I wanted to do School Psych Council chairperson. I'm the first student ever to do that in my high school. I mean, that was a great honor as well. Being able to allocate different funds for the budget. Definitely, I was very good multitasker, and, you know, I definitely wanted to make sure I still have a social life with my friends. So I think my biggest challenge was trying to juggle it all.
HOBSON: Now, people that are listening to you speak may not be surprised that you're going to be majoring in political science. You're very good at staying on message. You're going to go to UC-Berkeley. Tell us why you want to do that. What would you like to do later in life?
MARTINEZ: Hopefully one day - everyone remember my name, Leilanie Martinez. I'm going to run for mayor of Los Angeles. Don't forget, don't forget. But definitely, you know, I want to make sure I come back to my community, and I want to make sure I come back to the city I came from. And I want to make sure I advocate for them and definitely, you know, work with them and try to advocate for, you know, rights like for others less fortunate, you know, homeless youth.
I want to be able to make sure, you know, that education is still working to its tiptop. I want to make sure that, you know, our society's, you know, always improving, always exceeding expectations.
HOBSON: What do you tell your fellow students who are not as ambitious as you are?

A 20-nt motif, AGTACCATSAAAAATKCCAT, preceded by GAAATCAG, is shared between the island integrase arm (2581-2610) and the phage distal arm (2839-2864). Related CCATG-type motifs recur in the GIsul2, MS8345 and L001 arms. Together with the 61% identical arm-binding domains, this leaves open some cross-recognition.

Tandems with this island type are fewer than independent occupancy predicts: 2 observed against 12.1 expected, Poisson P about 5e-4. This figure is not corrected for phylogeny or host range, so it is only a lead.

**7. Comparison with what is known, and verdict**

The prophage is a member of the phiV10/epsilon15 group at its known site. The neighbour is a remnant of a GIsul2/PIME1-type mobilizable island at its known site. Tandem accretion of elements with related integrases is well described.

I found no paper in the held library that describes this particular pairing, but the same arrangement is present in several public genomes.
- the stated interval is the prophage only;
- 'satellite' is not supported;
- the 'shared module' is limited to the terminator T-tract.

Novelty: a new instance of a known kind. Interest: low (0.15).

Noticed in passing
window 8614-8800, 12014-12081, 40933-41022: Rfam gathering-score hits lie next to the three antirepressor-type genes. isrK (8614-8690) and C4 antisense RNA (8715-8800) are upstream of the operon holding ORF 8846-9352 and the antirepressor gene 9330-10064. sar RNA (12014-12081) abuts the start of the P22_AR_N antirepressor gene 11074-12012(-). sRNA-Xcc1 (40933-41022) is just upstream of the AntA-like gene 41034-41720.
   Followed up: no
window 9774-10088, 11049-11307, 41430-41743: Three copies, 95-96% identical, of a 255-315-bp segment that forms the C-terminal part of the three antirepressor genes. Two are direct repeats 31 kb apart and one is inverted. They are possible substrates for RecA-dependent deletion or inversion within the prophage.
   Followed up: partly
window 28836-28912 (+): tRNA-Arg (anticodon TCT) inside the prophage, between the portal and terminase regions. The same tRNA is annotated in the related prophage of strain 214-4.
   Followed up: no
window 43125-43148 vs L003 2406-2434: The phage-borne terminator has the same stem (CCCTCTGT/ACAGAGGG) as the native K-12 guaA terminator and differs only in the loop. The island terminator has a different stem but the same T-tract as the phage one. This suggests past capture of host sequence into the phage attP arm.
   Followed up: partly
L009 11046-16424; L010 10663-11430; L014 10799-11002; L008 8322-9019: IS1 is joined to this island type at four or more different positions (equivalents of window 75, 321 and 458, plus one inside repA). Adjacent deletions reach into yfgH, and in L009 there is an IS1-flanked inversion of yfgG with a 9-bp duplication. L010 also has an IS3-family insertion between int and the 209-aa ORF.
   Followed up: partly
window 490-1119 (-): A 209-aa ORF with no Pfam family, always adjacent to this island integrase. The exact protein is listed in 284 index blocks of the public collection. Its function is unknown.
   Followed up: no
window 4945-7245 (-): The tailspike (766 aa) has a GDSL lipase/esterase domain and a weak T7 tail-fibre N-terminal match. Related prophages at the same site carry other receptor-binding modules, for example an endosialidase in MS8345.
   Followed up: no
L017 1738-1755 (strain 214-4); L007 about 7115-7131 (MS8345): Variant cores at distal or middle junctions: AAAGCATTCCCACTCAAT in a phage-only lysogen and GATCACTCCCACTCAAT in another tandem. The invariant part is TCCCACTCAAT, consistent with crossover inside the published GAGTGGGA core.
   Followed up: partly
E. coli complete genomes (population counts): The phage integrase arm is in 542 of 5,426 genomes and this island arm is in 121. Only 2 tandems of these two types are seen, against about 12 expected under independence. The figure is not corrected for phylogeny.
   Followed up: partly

MARTINEZ: Don't give up. I would have to say a lot of the times a lot of people sometimes they aren't ambitious because they don't feel, you know, that they can meet up to par. Sometimes they feel like oh, you know, I'm just me.
But I always like to think, you know, everyone has their own talent. Everyone is here for a reason. At times, you know, you're like, sometimes when you fail at something or do not succeed, you're like, oh, it's faith, it's telling me otherwise. But I think everything's a challenge. And you just need to kind of tackle it all head on and just hope for the best.
HOBSON: Did you grow up in a wealthy family or how were your means as you were growing up?
MARTINEZ: My means. I wouldn't say it's wealthy - middle-class. Definitely, you know, my parents were always supportive. I didn't have a lot of money. I actually am working right now. And, you know, I want to be able to sustain myself.
And, you know, definitely college - I don't really expect my parents to pay for my schooling. So I kind of - as relying on scholarships as well. And definitely, you know, I'm not afraid to take loans because I know education is an investment in your future. And I'm optimistic about that.
HOBSON: If you could give a message from yourself now in 2014, to, you know, 10-year-old Leilanie Martinez, what would you tell her?
MARTINEZ: I would say, don't give up. I know that's my little saying for today. But I would have to say, there's really no regrets. I didn't have any regrets in my life. I don't think I was unhappy throughout my years. I think I experienced everything to the fullest.
I would say appreciate your friends more. A lot of my friends, I've known them since middle school, and they've known me since the chubby little girl with no braces on. And I would have to say, you know, I would say value your friends, value every moment in that schooling. A lot of times I think a lot of kids want to grow up and I'm like no, I'm going to graduate. I'm leaving the house. So I would say, you know, take time as it comes. Live life to the fullest.
HOBSON: Leilanie Martinez is the valedictorian at Southgate High School in Los Angeles. Leilanie, thanks so much for joining us and best of luck to you.
MARTINEZ: Of course, thank you for having me. Transcript provided by NPR, Copyright NPR.